If it was not for Grand Valley’s resources, I would not have been able to work, raise my daughter, and receive my Bachelor’s Degree in five years. Because of my education, I now hold a full time position at Saint John’s D.A Blodgett as a Direct Care Counselor in a children’s shelter. I know I would not have been able to receive my education, and the job I have now without the resources available at Grand Valley State University. I am so grateful for my education and also for the quality of care my child received in the process. Thank you.
Ms. Matsui. Thank you Stephanie for the truly inspiring story. My name is Doris Matsui, I am from Sacramento, California and I have been meeting with some extraordinary women in my district: small business owners, women in clean energy and clean tech, and women working two jobs, sometimes three jobs, to support their families. But no matter what their background, no matter what we’re talking about, we always reach a point in our conversation, any conversation, where they say: “and then there was a time that I had to drop everything I was doing to pick up my kids.”
You know when we talk about affordable, reliable child care, women get it immediately. Every mother has had to face that frightening moment of uncertainty when one responsibility is pulling them in one direction and the duties as a mother are pulling them in another. And you know, it’s just not moms, every day this choice is faced by grandmothers, aunts, sisters and other women with children in their lives. For too many women, it may be the choice between a paycheck or a safe environment for their kids. This is not a choice any mom should have to make and why affordable, reliable child care is essential for the economic security of women. The Democratic Women in the House understand this and we are here to elevate the issue of child care to give it the national attention it deserves. We can do this by expanding the child care tax credit, by defending head start programs, and ensuring adequate pay and training for child care workers.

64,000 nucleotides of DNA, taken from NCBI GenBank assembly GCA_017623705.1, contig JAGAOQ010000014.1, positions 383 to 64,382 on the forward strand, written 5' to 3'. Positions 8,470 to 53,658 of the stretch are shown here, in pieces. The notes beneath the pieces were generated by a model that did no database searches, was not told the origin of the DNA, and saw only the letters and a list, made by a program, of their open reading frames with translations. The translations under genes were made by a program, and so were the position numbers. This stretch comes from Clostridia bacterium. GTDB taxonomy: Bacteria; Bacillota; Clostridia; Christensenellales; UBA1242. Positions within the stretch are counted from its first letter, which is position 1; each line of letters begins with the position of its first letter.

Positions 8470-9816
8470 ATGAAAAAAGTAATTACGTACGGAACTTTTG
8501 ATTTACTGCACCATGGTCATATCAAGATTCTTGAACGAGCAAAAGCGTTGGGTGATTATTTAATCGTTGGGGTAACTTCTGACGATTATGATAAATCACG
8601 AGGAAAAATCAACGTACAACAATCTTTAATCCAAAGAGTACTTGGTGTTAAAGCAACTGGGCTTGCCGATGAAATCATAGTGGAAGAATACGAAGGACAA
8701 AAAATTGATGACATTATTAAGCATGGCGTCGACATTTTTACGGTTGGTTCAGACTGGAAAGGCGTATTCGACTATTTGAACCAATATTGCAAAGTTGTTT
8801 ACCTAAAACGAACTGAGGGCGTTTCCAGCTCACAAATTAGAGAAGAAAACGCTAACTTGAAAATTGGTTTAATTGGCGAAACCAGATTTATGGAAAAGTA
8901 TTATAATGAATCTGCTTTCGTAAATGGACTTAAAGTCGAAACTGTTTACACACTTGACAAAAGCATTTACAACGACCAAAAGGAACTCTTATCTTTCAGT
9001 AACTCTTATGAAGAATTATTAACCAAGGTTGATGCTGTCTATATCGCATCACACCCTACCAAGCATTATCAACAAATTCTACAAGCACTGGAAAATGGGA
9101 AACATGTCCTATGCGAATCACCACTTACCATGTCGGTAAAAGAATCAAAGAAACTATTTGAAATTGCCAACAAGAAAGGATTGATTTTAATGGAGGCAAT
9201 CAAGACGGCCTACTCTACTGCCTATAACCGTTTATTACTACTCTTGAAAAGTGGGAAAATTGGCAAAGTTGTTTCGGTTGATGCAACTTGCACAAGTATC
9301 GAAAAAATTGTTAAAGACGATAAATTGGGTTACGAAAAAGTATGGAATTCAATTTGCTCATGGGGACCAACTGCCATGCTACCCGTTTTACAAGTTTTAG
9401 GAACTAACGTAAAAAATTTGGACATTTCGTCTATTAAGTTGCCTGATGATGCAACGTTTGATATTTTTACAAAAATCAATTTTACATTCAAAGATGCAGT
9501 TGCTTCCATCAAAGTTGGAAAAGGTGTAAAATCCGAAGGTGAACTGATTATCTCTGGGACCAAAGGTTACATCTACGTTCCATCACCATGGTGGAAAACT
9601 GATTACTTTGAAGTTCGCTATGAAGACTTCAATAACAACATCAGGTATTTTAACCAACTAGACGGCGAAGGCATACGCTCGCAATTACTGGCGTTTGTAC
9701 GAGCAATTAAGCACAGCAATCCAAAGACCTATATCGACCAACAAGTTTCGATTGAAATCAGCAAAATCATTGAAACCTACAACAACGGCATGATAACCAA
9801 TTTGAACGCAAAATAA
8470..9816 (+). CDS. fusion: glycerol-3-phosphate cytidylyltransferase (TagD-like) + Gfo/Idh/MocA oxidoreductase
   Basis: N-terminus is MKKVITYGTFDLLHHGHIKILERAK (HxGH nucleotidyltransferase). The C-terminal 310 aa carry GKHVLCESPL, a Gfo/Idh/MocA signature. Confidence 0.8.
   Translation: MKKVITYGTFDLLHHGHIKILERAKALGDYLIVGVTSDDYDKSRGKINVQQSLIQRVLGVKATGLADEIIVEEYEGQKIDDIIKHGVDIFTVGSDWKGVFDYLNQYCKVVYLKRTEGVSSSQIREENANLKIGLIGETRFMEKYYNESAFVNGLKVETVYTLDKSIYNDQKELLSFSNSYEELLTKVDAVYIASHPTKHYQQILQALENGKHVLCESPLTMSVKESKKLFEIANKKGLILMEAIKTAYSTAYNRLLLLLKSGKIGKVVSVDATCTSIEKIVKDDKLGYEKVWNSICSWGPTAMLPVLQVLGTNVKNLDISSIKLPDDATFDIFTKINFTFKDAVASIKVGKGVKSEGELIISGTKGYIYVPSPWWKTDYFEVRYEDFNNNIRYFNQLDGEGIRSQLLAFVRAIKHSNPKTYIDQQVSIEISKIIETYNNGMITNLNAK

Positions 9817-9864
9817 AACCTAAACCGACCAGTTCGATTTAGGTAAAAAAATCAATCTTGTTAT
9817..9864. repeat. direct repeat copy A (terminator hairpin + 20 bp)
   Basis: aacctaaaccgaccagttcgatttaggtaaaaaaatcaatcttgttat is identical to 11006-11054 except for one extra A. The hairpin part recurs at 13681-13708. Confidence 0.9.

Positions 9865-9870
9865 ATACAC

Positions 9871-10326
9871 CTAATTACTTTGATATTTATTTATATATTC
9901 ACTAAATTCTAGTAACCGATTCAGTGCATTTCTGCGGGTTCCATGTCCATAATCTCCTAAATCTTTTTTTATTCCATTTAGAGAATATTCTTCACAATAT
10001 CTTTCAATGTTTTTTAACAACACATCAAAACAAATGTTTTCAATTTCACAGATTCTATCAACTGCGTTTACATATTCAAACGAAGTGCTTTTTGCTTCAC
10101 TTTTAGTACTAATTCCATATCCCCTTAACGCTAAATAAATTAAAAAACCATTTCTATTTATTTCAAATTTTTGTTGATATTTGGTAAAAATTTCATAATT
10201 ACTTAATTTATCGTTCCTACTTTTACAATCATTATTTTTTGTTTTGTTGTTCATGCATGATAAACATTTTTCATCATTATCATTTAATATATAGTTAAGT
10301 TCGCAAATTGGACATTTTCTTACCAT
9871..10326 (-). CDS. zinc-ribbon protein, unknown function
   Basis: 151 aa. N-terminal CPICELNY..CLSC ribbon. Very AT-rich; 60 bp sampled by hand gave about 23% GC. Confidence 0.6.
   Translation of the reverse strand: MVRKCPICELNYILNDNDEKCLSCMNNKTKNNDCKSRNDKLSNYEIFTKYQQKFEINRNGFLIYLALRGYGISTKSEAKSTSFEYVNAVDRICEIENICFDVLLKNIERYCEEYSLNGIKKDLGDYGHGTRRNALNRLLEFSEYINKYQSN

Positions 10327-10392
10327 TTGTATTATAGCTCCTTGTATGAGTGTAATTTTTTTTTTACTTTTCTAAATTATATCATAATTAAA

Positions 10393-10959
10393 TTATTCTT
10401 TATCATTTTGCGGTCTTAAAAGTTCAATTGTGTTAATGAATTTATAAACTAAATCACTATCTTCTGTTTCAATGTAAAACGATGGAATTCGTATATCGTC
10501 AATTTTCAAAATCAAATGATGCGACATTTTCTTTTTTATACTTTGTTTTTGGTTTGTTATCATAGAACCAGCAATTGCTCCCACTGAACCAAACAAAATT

We also challenge our colleagues in Congress to have the vision to invest in our children’s future by enacting President Obama’s Preschool For All initiative. Quality preschool provides educational opportunities at a time where children’s minds are rapidly expanding and it provides safe and reliable care whether mothers are at work or school. Affordable, reliable child care will boost the economy by allowing working moms to participate more fully. Because when women succeed, America succeeds.
I thank you, my colleagues, for being here and I want to now here from my colleague, Congresswoman Velázquez.
Ms. Velázquez. Thank you Doris and thank you Madam Leader, [Congresswoman] Rosa DeLauro, my colleagues, and all the special guests that are here. As we have heard first hand today, women workers are a cornerstone of our economy. When women have the tools to succeed, America as a whole moves forward. I challenge anyone here that visits with a small business person, and they will say to you that the biggest obstacle they have right now is lack of consumers walking through their doors.